Photos – James Morgan
Going for any job is never easy: add to the usual stress of 'the job interview process' some lashings of 'how you individually present'; mix in some angst, knowing your own personal profile is under severe scrutiny; ponder the process of how flexible you can be in any given situation; consider what has brought you to this stage (pardon the pun) at this precise moment; worry if you are good, better, best when lined up with your peers, and you will have some idea (for those who aren't in 'the business') what it must feel like to audition for a part that you know everyone else wants as desperately as you do.
A Chorus Line involves the audience from the onset, introducing the characters en masse and as individuals. You get to know these hopefuls during the course of the show watching them strut their stuff and discovering what makes them shine or crumple.
Every one of the dancers are stripped bare-to-the-soul and must unveil and reveal what makes them tick (or kick!). Camaraderie is built within the group but as we all know, there are only eight spots and when there are seventeen dancers involved, human nature being what human nature is, everyone must struggle for their place in the spotlight.
A Chorus Line has won nine Tony Awards and a Pulitzer Prize – no mean feat for any musical. Having witnessed this performance live on stage, I can understand why. This is a human interest story (something I didn't pick up from watching the movie so many years ago). How did I not see that in the movie? Loud and clear in a live performance, though, and what other way can you really get involved with a show of this magnitude other than being an audience member?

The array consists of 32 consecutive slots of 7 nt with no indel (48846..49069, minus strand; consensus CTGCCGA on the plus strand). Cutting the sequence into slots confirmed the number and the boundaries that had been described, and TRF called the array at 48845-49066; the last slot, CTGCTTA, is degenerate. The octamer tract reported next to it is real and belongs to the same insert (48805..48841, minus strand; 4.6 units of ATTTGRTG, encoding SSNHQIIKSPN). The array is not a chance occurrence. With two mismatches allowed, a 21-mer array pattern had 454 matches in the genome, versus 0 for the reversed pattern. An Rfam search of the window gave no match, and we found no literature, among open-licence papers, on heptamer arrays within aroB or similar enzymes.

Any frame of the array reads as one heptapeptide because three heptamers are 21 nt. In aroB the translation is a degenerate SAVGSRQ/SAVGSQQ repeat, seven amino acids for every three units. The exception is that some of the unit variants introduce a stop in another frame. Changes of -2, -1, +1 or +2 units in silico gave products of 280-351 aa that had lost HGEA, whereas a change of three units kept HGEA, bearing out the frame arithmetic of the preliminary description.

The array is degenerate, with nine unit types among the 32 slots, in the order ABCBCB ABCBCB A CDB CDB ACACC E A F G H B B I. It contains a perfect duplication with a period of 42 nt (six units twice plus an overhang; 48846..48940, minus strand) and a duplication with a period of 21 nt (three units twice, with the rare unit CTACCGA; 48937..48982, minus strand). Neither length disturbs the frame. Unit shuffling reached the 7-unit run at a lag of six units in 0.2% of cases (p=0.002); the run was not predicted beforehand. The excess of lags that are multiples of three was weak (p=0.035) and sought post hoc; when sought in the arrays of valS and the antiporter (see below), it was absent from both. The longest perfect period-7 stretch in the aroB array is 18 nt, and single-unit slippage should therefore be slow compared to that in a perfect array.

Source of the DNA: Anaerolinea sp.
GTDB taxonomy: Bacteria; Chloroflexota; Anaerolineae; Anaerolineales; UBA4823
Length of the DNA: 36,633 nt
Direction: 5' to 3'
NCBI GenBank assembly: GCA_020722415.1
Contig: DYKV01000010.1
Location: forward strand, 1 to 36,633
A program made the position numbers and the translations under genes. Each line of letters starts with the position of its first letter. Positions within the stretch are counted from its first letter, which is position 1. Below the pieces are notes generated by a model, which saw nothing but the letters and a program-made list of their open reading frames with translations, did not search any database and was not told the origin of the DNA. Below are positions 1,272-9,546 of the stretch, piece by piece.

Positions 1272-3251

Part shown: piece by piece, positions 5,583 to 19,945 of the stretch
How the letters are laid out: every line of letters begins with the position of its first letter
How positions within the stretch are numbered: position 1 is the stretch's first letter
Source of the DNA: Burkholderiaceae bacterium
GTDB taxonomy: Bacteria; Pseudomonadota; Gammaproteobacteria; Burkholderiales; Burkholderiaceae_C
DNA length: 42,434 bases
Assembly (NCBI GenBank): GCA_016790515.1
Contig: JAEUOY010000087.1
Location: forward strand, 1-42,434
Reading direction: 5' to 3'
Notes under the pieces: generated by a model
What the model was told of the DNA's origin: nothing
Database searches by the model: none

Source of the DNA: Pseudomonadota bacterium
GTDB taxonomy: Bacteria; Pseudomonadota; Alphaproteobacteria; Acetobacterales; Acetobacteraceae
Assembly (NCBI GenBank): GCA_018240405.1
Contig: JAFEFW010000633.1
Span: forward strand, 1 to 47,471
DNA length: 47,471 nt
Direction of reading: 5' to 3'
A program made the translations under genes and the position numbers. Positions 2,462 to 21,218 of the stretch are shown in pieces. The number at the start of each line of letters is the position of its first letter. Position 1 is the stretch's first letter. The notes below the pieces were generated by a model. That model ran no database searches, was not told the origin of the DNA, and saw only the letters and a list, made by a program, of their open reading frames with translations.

The stage set-up actually includes the audience as part of the whole, with clever sound engineering projecting voices, commanding and demanding, from the back of the theatre. When Zach (Josh Horner) booms "tap now" from behind my head, I was sorely tempted to stand up and dance!
Stories unfold and audience members get caught up in the lives (sorrows and happiness) of the auditioning performers: how they each became dancers and what life-course spewed them out at this end of their careers. Music (Marvin Hamlisch) and lyrics (Edward Kleban) "dug right down to the bottom of my soul..." and knowing what the individual dancers/singers had to go through for a chance of a performing career ("what I did for love...") is still inspirational and very contemporary indeed. Positive spins and songs that are familiar yet still rewarding: "I can do that..."
There are memory medleys and elastic dancers (Kurt Douglas as Richie is awesome) who tap and slap and clap and wrap themselves around you. Cameo shots giving everyone a chance to shine as individuals (and shine they do) and let you, the audience, into their stage plight for 'one singular sensational' moment.
Something for everyone with gay confessions, personal problems, group dynamics, and the interview processes that will eventual weed out the less fortunate.
A Chorus Line is quite mesmerising, with top-quality performances by every individual singer/dancer/actor gracing the stage of the Lyric Theatre (too numerous to individually name, although they are all stellar performers in their own right).
Stage set is minimal but works to the max, positioning us in the dance studio and allowing us, yet again, to be part of the auditioning process. Clever lighting, strategic placement of drop-down mirrors (that old saying that "it's all done with mirrors" rings true here) and dancers in dance-training-this-is-what-I-wear gear makes the show even more convincing.
When Zach makes his choices, the audience who have come to know each dancer as an individual, feel the elation and the desperation of the winners and the crestfallen. The closing scene, with all dancers glowing in golden finery, is worth the freight alone! Wow.
TML Enterprises presents
A Chorus Line
Venue: Lyric Theatre, QPAC, South Bank, Brisbane
Dates: from 16 Nov 2012
Tickets: $64.90 – $124.90